Five Credit Card Purchases You Must Avoid

By Mike Peterson
In March 24, 2011

Most of my readers probably know I’m not a huge fan of credit cards – in general, I believe it’s better to save up and pay cash instead of racking up hefty credit card bills.

In some cases, though, credit cards make sense.  For example, some folks charge big-ticket items like large appliances to earn reward points, get cash back, or earn airline miles.  Others like to keep their cards active by making – and paying off – one purchase per month.  There’s nothing really wrong with either of these strategies if you’ve got the cash to pay your credit card balance off – in full – every month.

When used responsibly, there’s nothing wrong with credit cards.  But the key word is “responsibly.”  Pay your balance in full at the end of the billing cycles.  Treat your credit cards like cash – meaning, if you don’t have the money, don’t spend it.

And if you really want to make sure you don’t end up with mounds of high-interest debt, steer clear of these types of high-risk purchases and activities:

1.    Gambling. Somebody’s gotta win, right?  Sure.  And if you’re using plastic to hit the casinos or play online Texas Hold’em, guess who’s taking home the jackpot?  Your credit card company.  Remember: gambling is just that – gambling.  There’s no guarantee that you’ll win any money.  The odds are better that you’ll just walk away a little deeper in debt.

2.    Tuition. There’s only one thing worse than graduating college with thousands of dollars’ worth of student loan debt.  Graduating college with thousands of dollars’ worth of credit card debt is much, much worse.  Instead, look into grants (you don’t have to pay them back) and apply for scholarships.  If you still can’t swing it, ask a family member for a loan or apply for financial aid – the interest will be lower.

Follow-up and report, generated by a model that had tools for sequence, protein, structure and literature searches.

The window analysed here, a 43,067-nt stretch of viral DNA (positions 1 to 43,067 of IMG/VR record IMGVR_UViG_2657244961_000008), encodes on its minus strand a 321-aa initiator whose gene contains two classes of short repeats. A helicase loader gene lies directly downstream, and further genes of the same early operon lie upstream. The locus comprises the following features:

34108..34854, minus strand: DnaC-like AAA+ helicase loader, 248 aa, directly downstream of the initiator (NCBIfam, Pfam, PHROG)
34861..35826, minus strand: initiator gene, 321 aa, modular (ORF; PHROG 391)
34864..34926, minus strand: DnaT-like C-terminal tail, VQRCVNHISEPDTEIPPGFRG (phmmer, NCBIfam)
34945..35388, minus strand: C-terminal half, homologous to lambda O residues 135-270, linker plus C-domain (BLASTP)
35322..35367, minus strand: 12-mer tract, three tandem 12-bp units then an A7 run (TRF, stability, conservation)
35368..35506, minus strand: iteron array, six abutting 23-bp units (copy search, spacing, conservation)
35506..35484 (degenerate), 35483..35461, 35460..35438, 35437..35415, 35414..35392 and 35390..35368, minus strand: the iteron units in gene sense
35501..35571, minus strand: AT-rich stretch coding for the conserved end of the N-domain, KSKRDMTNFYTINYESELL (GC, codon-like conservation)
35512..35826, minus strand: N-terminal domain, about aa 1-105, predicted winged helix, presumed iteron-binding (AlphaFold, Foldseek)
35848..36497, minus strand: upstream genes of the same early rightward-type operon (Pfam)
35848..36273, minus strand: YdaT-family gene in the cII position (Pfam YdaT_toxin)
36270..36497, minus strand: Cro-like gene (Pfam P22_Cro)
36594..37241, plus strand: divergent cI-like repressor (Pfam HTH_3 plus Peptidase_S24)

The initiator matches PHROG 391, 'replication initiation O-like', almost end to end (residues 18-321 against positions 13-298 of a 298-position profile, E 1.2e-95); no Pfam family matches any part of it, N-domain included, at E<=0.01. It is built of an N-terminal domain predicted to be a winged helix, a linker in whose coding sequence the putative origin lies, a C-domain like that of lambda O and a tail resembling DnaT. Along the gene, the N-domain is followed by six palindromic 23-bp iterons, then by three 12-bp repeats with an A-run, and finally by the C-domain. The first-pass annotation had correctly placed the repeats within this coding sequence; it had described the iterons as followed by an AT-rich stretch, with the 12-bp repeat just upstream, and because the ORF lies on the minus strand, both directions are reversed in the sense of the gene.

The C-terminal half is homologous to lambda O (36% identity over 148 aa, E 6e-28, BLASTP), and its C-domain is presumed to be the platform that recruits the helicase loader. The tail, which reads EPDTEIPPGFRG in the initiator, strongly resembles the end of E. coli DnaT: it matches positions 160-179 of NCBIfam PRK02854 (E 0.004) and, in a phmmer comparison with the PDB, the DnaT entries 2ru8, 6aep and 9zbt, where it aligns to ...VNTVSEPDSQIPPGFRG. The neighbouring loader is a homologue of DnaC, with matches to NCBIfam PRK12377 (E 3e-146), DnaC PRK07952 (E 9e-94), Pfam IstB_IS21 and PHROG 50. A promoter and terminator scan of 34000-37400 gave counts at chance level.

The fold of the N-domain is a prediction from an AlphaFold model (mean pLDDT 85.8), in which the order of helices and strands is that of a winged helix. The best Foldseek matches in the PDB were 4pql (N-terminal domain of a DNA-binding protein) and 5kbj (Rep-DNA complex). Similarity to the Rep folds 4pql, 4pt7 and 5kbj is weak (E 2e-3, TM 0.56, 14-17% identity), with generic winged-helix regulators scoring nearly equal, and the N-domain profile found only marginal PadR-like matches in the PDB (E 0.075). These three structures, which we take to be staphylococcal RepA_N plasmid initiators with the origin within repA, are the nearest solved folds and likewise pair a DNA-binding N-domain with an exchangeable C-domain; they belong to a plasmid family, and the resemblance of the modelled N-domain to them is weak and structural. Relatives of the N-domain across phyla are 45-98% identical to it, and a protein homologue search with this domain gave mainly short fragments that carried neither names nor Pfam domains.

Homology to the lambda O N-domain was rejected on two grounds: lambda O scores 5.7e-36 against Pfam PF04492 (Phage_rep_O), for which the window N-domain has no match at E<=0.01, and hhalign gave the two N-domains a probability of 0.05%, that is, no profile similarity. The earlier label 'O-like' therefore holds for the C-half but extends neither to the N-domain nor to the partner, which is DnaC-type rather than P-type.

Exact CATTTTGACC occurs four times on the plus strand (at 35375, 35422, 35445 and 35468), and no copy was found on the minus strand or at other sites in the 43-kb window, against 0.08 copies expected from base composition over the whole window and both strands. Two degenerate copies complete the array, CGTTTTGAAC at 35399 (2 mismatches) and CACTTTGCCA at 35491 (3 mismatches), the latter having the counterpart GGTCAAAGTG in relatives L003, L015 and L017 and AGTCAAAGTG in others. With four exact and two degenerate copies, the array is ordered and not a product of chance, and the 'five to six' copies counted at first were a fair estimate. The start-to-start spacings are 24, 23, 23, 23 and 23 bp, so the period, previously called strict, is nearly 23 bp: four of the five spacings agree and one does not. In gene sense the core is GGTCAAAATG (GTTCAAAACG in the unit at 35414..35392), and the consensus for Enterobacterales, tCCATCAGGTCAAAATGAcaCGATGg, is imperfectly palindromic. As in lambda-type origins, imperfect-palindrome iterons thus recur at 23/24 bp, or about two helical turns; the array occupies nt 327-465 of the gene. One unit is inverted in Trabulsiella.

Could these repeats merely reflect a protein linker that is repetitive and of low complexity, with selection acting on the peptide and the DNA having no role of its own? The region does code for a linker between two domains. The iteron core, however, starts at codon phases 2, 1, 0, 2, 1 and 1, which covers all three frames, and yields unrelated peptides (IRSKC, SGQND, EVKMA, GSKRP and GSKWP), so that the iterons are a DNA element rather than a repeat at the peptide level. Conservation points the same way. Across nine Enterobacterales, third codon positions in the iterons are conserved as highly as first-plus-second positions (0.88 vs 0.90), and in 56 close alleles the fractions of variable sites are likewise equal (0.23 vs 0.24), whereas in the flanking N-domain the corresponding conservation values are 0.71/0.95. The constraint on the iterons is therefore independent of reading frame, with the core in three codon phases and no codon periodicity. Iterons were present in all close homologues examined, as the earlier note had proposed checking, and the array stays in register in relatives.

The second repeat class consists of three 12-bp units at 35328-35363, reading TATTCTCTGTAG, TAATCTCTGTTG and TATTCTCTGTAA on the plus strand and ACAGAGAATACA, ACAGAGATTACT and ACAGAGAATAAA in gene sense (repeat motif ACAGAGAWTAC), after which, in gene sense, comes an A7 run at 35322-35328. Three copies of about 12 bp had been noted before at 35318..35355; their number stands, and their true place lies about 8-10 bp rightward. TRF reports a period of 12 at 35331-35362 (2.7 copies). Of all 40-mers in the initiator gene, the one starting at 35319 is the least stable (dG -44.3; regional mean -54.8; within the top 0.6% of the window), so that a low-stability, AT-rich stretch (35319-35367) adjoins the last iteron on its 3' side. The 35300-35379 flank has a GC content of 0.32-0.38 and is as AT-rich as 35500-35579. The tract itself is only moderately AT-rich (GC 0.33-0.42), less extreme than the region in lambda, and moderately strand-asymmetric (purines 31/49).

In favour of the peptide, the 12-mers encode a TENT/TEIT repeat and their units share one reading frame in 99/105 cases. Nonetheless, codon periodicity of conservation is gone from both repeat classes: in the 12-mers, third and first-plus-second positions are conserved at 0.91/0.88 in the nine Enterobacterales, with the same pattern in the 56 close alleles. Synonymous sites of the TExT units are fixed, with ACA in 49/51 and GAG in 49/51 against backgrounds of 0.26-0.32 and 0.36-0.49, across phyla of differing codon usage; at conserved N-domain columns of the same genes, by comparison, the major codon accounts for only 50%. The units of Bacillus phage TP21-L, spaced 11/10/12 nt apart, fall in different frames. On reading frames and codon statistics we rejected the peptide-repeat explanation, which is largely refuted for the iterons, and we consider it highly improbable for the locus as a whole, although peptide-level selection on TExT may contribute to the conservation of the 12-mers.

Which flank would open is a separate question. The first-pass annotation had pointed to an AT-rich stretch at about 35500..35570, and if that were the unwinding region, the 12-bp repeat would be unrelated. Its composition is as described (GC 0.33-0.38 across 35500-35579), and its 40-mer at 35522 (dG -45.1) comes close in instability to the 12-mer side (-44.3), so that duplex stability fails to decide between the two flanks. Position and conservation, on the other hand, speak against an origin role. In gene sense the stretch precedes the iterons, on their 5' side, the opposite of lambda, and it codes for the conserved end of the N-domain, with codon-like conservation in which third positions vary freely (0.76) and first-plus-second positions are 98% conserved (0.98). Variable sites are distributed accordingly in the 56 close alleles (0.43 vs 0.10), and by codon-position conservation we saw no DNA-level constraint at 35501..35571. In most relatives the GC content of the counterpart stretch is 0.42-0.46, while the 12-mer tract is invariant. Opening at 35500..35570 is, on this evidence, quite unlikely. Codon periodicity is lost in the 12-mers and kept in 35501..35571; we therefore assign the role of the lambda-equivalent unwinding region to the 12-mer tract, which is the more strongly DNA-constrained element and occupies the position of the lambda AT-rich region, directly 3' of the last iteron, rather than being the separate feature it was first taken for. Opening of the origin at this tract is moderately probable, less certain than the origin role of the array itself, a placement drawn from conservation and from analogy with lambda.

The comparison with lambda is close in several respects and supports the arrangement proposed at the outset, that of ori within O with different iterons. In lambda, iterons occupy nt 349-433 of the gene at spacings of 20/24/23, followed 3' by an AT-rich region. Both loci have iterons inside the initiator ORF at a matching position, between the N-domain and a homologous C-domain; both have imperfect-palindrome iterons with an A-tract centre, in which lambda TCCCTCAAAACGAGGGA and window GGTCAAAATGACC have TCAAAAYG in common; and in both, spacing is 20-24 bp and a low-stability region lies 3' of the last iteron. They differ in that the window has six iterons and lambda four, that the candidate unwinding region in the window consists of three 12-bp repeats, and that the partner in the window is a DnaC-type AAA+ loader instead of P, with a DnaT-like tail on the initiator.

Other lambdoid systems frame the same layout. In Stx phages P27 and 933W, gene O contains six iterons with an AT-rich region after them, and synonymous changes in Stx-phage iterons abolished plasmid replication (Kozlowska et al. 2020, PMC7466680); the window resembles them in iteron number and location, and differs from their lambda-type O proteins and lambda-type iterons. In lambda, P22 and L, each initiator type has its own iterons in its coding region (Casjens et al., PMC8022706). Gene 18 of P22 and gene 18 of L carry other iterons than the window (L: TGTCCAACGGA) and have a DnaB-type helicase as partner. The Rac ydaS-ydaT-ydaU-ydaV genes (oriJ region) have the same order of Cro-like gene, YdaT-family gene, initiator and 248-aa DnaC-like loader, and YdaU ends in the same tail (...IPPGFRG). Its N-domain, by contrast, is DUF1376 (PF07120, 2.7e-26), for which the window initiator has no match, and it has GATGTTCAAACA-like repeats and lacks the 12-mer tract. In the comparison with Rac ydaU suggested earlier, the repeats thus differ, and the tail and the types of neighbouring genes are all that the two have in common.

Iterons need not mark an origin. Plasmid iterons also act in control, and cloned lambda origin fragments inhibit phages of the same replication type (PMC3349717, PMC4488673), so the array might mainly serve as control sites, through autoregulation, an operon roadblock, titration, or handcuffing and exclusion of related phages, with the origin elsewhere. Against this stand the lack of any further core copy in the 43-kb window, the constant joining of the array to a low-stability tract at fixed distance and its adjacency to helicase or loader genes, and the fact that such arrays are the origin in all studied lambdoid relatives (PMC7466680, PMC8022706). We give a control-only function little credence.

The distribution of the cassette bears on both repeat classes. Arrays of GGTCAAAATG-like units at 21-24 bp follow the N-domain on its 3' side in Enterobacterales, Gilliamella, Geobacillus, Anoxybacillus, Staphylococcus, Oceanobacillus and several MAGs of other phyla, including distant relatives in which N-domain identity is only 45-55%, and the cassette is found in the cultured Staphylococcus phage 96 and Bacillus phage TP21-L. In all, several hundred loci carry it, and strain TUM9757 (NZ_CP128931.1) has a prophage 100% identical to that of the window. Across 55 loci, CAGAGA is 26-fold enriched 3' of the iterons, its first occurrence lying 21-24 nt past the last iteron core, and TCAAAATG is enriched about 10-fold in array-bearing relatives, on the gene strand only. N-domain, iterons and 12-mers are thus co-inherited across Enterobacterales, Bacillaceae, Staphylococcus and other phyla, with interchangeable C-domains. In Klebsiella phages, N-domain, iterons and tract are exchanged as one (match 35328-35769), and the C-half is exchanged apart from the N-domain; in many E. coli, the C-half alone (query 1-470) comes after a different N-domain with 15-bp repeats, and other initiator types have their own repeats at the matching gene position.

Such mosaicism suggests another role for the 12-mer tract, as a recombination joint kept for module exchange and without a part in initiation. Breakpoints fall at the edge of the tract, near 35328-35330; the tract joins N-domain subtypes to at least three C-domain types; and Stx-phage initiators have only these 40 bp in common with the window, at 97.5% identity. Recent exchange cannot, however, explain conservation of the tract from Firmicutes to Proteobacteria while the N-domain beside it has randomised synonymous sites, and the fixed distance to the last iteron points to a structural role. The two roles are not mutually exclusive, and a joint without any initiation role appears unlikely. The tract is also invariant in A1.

3.    Cosmetic surgery. Cosmetic procedures are costly, and they’re not medically necessary.  That means there’s no good excuse for using your credit card to pay for a face lift or tummy tuck.  Besides, worrying about high-interest credit card debt causes frown lines.

4.    Event planning. Your dream wedding isn’t worth a credit nightmare.  Neither is your 25th wedding anniversary, your daughter’s sixteenth birthday, or your son’s high school graduation bash.  It’s tempting to go all out when planning a special celebration – but it’s not worth going into thousands of dollars in debt.  Set a budget.  Pay cash.  And remember that it’s the thought – not the price tag – that counts.

5.    Taxes. Tax time is fast approaching, and if you end up owing Uncle Sam this year, it may be tempting to use your credit card as a quick fix.  Resist that temptation – you’ll be glad you did. Pay cash, or – if you’re a little short on funds – set up a payment plan.  The IRS’ interest rates are much more reasonable than your credit card’s rates.

Bottom line: Use credit wisely.  Don’t charge things you can’t afford.  Don’t buy things you don’t need.  If you stick to these simple guidelines, you’ll find yourself on the path to financial freedom and a debt-free future.  Happy saving!

Mike is the author of “Reality Millionaire: Proven Tips to Retire Rich” and he has been published in a variety of local and national publications including Entrepreneur Magazine, Deseret Morning News, LDS Living Magazine, and Physicians Money Digest. He holds a B.S. in business administration from the University of Phoenix.

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